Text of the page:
Gov. Nikki Haley, Commerce Department name Lowcountry Produce founders 'SC Ambassadors'

    Dwight and Martha Garrett, founders of Lowcountry Produce in Lobeco and investors in historic downtown Beaufort through the new Lowcountry Produce Market & Café, earned a new title this month: South Carolina Ambassadors for Economic Development.Gov. Nikki Haley and Secretary of Commerce Bobby Hitt celebrated the Garrett’s achievements April 17 as part of South Carolina’s Industry Appreciation Week.  The awards ceremony recognized 51 individuals from all 46 South Carolina counties who contributed to economic development in their local communities.

    The Garretts, together with their sons, have operated their family farm in Lobeco for decades. In 2006, the Garretts started up a canning and preserving operation, expanding their produce stand to a fully functioning food processing, packaging and distribution facility right from the family’s farm.

    Today, Lowcountry Produce delivers small-batch, handmade, hand-packed products to customers worldwide. The Garrett’s sons, Noel Garrett and Dwight Garrett and business partner, Seabury Thorp, in July 2011 leased the former Beaufort Post Office and City Hall.

    Then, Lowcountry Produce Market & Café opened earlier this year on the corner of Carteret and Craven streets. The company has been highlighted by The New York Times and Oprah Winfrey for its homegrown and hand-packed items.  “For years, Beaufort residents have asked for a fresh market downtown. The Garretts brought that and much more when they opened Lowcountry Produce Market & Café in our historic city,” Beaufort Mayor Billy Keyserling said. “It’s a wonderful addition to Beaufort.”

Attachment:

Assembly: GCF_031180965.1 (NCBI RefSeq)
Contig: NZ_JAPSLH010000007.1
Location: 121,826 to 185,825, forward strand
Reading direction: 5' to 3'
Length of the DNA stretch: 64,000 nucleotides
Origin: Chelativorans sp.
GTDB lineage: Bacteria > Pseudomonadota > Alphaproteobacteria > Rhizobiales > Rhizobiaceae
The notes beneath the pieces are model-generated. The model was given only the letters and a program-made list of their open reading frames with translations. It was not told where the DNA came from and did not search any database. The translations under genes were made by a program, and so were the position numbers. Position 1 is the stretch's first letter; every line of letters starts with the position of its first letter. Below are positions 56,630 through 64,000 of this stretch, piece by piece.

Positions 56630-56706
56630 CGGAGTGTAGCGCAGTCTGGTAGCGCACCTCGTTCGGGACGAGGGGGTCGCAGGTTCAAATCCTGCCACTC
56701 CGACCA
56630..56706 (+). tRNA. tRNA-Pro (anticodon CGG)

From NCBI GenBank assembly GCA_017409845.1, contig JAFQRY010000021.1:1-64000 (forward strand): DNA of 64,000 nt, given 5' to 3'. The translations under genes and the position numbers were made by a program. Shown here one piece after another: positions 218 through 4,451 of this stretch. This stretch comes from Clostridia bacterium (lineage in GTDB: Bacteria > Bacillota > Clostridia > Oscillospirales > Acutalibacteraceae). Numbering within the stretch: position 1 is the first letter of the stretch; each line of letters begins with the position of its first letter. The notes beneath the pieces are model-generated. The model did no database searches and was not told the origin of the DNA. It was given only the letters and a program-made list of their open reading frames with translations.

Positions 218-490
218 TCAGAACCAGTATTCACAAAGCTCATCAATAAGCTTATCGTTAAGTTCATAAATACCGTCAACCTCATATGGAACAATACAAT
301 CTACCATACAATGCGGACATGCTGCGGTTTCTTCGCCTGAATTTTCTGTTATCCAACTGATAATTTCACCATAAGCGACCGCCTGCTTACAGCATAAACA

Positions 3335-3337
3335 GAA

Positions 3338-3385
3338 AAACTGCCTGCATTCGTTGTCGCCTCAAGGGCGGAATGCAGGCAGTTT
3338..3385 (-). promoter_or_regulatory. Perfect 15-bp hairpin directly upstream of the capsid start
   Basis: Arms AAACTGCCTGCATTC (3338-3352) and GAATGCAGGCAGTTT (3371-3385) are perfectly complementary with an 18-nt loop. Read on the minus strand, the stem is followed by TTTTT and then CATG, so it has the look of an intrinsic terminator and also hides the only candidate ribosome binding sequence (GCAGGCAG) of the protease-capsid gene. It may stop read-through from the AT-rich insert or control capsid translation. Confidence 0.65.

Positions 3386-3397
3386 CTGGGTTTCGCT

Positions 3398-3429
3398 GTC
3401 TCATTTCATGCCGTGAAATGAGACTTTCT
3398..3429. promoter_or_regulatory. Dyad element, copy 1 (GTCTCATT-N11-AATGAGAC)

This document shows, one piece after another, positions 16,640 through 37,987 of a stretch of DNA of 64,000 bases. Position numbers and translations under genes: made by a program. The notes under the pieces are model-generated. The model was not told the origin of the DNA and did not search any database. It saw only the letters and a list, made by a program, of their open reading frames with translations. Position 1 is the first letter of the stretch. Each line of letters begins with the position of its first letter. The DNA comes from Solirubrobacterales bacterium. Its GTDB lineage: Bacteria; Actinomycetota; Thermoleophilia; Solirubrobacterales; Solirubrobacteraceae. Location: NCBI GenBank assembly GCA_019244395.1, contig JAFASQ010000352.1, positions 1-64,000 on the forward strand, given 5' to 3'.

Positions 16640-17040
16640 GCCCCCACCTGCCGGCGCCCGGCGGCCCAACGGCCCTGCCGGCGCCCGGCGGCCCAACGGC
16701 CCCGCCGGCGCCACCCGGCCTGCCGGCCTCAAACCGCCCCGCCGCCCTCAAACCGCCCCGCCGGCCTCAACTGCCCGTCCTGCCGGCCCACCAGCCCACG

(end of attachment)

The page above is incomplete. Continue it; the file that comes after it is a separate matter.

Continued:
Redevelopment of the former Beaufort City Hall and others structures allows the city to capitalize on the assets of existing structures, giving entrepreneurs like the Garretts the opportunity to further invest in their local economy, the Commerce Department noted.  In most communities across the state, small businesses continue to play an important role in job creation, according to the Department of Commerce. Small businesses employ 750,147 South Carolinians, or about 49 percent of all people employed by private industry in the state.

    Jon Verity, chairman of the Beaufort Redevelopment Commission, lauded the Garretts’ recognition by Gov. Haley and the Commerce Department. The Redevelopment Commission helped market the former Post Office and City Hall for adaptive re-use and worked closely with the Garrett family.  “They did an incredible job renovating the building, and from what I’ve seen, they’ve done a remarkable job with their market and deli,” Verity said. “We need to encourage more of this type of infill development, especially as Beaufort moves forward into its fourth century.”

    Small businesses make up a large proportion of the manufacturers in the state. More than 3,200 manufacturers are considered small businesses, which represent more than 88 percent of all manufacturers in the state, and those firms employ 70,000 state residents.  “Economic Development starts first and foremost on the ground level,” S.C. House Speaker Bobby Harrell said. At the April 17 celebration, he said, “we recognized some outstanding Palmetto State business leaders as Ambassadors for Economic Development because of their hard work to advance the unified economic goals we share for South Carolina. The most valuable economic development resources our state has are those businesses that operate and succeed in the private sector every day.”
    As South Carolina’s leading economic development agency, the Department of Commerce works to recruit new businesses and help existing businesses grow.

    A BIG Beaufort congrats to the Garretts!